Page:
The Expenses of the 300+ MPs Who Voted Against Free School Meals for Children – Dorset Eye

This Is How Much They Have Claimed in Expenses in the Last Year

322 MPs have recently voted against free meals for children in dire circumstances.

These MPs have believe that poor children are not entitled to free meals, whilst simultaneously claiming tens of thousands in expenses each year.

See the list here: The Expenses of the 300+ MPs Who Voted Against Free School Meals for Children – Dorset Eye

5 thoughts on “The Expenses of the 300+ MPs Who Voted Against Free School Meals for Children – Dorset Eye

  1. Julia

    Thank you very much for this link. Wow, just wow some of these amounts just beggar belief. I see the afore mentioned Ben Bradley figures in the higher ones – £50,000+ How many school dinners would that provide in his constituency. Angela Rayner was too understated and polite, the whole lot of them are scum.

  2. Andy Fox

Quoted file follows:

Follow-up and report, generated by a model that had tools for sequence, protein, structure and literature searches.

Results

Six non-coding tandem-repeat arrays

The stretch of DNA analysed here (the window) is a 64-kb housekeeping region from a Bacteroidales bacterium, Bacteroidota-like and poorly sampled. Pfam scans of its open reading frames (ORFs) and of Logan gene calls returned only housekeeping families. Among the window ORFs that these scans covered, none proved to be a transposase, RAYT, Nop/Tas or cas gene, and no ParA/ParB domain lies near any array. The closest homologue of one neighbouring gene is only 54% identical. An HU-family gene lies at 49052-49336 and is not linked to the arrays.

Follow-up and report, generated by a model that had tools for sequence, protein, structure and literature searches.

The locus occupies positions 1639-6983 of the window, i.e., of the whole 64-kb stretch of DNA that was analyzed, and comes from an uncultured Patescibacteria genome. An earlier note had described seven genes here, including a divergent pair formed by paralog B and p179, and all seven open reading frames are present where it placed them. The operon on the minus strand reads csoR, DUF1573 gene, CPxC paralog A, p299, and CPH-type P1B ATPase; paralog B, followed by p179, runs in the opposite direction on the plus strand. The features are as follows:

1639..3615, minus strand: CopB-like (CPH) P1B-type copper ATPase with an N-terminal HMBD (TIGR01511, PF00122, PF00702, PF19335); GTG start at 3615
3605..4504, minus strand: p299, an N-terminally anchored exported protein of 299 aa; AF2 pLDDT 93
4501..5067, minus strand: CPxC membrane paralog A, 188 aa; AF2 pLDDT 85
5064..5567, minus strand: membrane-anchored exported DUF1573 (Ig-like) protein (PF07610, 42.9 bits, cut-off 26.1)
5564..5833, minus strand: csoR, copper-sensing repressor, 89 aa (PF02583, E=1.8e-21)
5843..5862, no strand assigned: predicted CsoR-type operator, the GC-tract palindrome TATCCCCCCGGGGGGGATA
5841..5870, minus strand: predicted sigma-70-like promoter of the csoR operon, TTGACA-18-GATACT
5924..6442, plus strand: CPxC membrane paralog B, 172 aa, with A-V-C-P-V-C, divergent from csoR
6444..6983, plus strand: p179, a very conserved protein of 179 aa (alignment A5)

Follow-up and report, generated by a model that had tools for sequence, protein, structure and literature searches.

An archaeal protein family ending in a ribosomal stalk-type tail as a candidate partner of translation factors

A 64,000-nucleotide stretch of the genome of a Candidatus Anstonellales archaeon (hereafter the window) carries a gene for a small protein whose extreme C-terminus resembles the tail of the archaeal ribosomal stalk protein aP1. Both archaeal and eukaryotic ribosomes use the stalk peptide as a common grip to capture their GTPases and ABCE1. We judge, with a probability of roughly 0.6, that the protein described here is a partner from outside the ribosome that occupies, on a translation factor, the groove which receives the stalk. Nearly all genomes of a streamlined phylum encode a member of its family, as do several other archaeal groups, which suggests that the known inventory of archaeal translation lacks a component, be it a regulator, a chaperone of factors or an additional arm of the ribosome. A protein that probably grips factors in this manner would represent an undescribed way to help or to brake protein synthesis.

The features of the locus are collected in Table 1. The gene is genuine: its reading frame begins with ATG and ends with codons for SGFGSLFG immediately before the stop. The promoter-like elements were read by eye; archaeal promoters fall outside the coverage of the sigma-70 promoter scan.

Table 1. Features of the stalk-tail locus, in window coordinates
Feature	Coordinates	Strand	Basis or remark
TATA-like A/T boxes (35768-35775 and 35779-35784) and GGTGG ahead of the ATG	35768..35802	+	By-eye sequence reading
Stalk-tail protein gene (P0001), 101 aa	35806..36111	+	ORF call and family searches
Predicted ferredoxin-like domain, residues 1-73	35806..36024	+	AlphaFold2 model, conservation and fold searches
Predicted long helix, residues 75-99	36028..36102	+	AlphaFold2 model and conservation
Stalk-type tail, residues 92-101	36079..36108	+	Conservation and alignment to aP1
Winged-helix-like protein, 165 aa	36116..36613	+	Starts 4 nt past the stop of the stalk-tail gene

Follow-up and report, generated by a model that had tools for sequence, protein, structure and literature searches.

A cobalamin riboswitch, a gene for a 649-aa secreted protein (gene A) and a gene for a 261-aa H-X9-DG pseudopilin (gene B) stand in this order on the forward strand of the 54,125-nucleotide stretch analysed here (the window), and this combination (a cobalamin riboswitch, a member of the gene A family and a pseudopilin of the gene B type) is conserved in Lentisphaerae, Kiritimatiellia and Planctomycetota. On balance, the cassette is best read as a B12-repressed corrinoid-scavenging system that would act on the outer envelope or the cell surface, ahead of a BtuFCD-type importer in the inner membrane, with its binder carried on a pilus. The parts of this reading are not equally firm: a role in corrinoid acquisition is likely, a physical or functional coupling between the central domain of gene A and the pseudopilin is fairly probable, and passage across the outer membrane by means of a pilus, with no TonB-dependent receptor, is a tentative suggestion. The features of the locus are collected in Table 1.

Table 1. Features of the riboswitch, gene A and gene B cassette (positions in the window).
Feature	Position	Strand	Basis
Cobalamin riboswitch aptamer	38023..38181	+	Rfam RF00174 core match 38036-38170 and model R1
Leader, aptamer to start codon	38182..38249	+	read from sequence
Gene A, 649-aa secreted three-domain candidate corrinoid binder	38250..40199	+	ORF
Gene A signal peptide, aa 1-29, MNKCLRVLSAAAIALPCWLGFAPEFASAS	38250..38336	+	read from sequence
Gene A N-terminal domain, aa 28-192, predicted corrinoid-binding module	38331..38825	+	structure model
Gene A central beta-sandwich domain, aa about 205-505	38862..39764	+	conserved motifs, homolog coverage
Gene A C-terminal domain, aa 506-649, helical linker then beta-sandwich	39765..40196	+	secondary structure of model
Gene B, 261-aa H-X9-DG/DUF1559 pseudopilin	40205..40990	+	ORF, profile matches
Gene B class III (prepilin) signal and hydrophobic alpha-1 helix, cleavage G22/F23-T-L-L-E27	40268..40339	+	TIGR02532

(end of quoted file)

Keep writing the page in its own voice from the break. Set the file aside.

SNP have six members in the top 10 claimers (including the top four), Cons two, LibDems and Labour one each. Labour’s topmost being Peter Dore tith GBP80,000. The claims are considered for legitimacy by IPSA and, of course, have no relevance in this issue.

    1. Mike Sivier Post author

      Of course their claims are relevant to the issue. Expenses claims include meals. Didn’t you know that?

      1. Andy Fox

        Just to clarify, according to Fullfact, MPs can claim twenty-five pounds in food expenses per night if staying outside London or their constituency as part of their parliamentary activities. This does not include alcohol. It would seem, therefore, there would be no entitlement on most days and obviously not when the House is in recess, as it is this half-term week.

      2. Andy Fox

        I did reply to you on your claim that MPs meals are included in expenses but it seems to have slipped through the net, at least I hope that is the reason it has not appeared. There looks to be some confusion in social media on this issue and I sought to explain that, according to Fullfact, MPs can claim twenty-five pounds in food expenses per night if staying outside London or their constituency as part of their parliamentary activities. This does not include expenditure on alcohol.
        I would suggest, therefore, when attending the House, on Conference and during periods of recess no such claims would be admissable. I hope this clarifies matters.

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